On this Day (November 29) – Schooner Polly Ashore

Portland Maine Nov 29, 1902 – The captain of a steamer that arrived here this afternoon reported that the famous old schooner Polly was ashore at Owls Head near Rockland. As the craft was light it is believed that she will be floated.

The Polly is the oldest sailing vessel in commission. She was built in 1805 and in the war of 1812 was used as a privateer and was instrumental in the capture of an English gunboat off the coast of Maine.

She has been partly rebuilt several times, but her frame is practically the same oak timber used when she was built at Amesbury, Mass.



Her sails are up and drawing, but the ancient (1805) schooner Polly is going nowhere. She’s hard aground, and the tide is dropping fast, skipper Chandler Farr probably having gently nosed her ashore for caulking and painting her bottom. This is in Owls Head Harbor where Farr made his home. Although built in Amesbury, Massachusetts, Polly was homeported in Rockland from 1876 to 1902, and before that in Mt. Desert. Later, she was registered in Belfast.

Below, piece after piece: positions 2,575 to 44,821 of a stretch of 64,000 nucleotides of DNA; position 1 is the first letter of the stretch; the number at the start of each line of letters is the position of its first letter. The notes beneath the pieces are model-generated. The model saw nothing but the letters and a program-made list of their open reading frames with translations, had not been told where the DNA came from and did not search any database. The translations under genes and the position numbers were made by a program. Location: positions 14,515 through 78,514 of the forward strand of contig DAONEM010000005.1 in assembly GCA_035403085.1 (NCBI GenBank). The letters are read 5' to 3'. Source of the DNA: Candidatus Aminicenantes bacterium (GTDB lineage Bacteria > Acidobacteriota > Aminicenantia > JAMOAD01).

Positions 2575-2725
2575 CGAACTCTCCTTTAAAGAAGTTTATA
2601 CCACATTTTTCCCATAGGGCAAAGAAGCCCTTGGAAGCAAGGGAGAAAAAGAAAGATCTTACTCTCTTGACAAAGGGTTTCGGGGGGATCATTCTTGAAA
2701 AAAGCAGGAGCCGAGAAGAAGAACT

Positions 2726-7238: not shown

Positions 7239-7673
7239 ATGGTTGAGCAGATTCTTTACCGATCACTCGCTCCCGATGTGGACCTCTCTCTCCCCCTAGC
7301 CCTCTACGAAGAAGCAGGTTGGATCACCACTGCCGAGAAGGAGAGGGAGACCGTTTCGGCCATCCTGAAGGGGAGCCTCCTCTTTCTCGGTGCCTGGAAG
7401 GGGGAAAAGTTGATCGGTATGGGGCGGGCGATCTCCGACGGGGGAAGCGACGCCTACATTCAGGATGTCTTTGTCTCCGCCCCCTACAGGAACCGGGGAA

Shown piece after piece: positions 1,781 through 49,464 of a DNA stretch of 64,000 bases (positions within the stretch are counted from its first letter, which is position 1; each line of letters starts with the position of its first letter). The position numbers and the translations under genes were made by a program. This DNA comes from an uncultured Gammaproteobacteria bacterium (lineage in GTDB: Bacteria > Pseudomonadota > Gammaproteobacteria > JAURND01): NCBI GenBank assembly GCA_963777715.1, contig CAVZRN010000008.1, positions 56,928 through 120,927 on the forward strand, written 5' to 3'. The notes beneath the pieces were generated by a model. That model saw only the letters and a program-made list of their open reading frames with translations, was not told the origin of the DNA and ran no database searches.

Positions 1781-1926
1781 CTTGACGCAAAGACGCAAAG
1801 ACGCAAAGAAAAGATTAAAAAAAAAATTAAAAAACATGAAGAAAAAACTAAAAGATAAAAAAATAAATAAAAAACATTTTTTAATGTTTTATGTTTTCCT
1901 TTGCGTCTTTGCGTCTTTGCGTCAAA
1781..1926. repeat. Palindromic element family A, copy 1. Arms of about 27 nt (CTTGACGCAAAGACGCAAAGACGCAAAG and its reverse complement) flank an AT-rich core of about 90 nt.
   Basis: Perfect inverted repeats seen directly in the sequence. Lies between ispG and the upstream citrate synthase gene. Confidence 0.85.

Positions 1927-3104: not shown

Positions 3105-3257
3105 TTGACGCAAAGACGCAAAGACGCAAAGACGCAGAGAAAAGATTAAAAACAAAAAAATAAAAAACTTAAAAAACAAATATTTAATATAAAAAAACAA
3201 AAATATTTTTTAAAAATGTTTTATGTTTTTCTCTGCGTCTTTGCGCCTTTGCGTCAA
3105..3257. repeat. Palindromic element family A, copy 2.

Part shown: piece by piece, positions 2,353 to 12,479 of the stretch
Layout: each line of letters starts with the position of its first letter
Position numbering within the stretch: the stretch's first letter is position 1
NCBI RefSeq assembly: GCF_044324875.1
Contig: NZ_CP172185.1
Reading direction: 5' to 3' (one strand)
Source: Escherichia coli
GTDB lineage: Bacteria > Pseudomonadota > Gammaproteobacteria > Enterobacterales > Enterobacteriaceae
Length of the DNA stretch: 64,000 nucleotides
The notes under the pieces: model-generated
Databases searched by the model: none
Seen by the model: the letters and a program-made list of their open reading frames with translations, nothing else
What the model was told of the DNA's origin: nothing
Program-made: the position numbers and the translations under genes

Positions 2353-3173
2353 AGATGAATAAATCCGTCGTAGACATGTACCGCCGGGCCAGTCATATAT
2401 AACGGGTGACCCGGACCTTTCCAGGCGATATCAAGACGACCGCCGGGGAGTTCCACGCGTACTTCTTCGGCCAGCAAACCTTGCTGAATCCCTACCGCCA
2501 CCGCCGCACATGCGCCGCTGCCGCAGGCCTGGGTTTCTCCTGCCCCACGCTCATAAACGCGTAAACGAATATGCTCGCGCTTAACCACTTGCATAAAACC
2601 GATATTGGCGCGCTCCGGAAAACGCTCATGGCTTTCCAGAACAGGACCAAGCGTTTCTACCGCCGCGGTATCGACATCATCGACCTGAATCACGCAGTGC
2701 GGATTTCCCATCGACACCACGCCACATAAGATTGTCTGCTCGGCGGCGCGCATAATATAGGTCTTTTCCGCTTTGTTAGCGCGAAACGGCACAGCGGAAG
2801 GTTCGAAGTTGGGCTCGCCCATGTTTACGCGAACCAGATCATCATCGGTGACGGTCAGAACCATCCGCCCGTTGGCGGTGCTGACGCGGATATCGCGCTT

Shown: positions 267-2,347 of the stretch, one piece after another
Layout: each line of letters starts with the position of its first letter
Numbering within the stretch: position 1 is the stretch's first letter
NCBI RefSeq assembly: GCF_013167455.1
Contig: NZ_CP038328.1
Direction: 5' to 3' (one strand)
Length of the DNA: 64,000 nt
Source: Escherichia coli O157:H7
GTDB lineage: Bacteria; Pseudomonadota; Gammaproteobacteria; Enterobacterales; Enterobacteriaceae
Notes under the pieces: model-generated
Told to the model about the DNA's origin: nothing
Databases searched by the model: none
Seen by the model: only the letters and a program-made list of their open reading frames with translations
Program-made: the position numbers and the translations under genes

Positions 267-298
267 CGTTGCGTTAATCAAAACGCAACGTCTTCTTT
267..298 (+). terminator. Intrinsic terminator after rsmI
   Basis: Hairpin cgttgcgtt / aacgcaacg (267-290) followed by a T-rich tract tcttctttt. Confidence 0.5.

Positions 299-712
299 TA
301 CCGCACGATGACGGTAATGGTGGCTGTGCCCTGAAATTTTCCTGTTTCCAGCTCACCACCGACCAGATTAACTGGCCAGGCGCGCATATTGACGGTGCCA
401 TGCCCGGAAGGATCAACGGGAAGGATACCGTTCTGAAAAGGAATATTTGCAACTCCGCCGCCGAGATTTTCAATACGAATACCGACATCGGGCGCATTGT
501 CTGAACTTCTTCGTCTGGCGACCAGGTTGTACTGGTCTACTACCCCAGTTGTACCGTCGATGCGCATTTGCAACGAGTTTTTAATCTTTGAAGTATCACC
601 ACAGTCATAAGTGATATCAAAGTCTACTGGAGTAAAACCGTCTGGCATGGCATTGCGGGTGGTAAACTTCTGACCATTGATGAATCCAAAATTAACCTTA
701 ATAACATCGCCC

Owls Head, ME – Catalog Number LB2013.21.373



Polly – Launched: Amesbury, Massachusetts, 1805, Construction: white oak, “firm and stout,” – Built by: Richard Currier (named after his wife Polly Rowell) She is 48 tons burden, gross; 61 feet water-line length; 19 feet, 6 inches, extreme beam, and draws S feet forward and 7 feet aft, unloaded.

For further information



The Sun., November 29, 1902
Melissa Davenport Berry and AnceStory Archives
Penobscot Marine Museum


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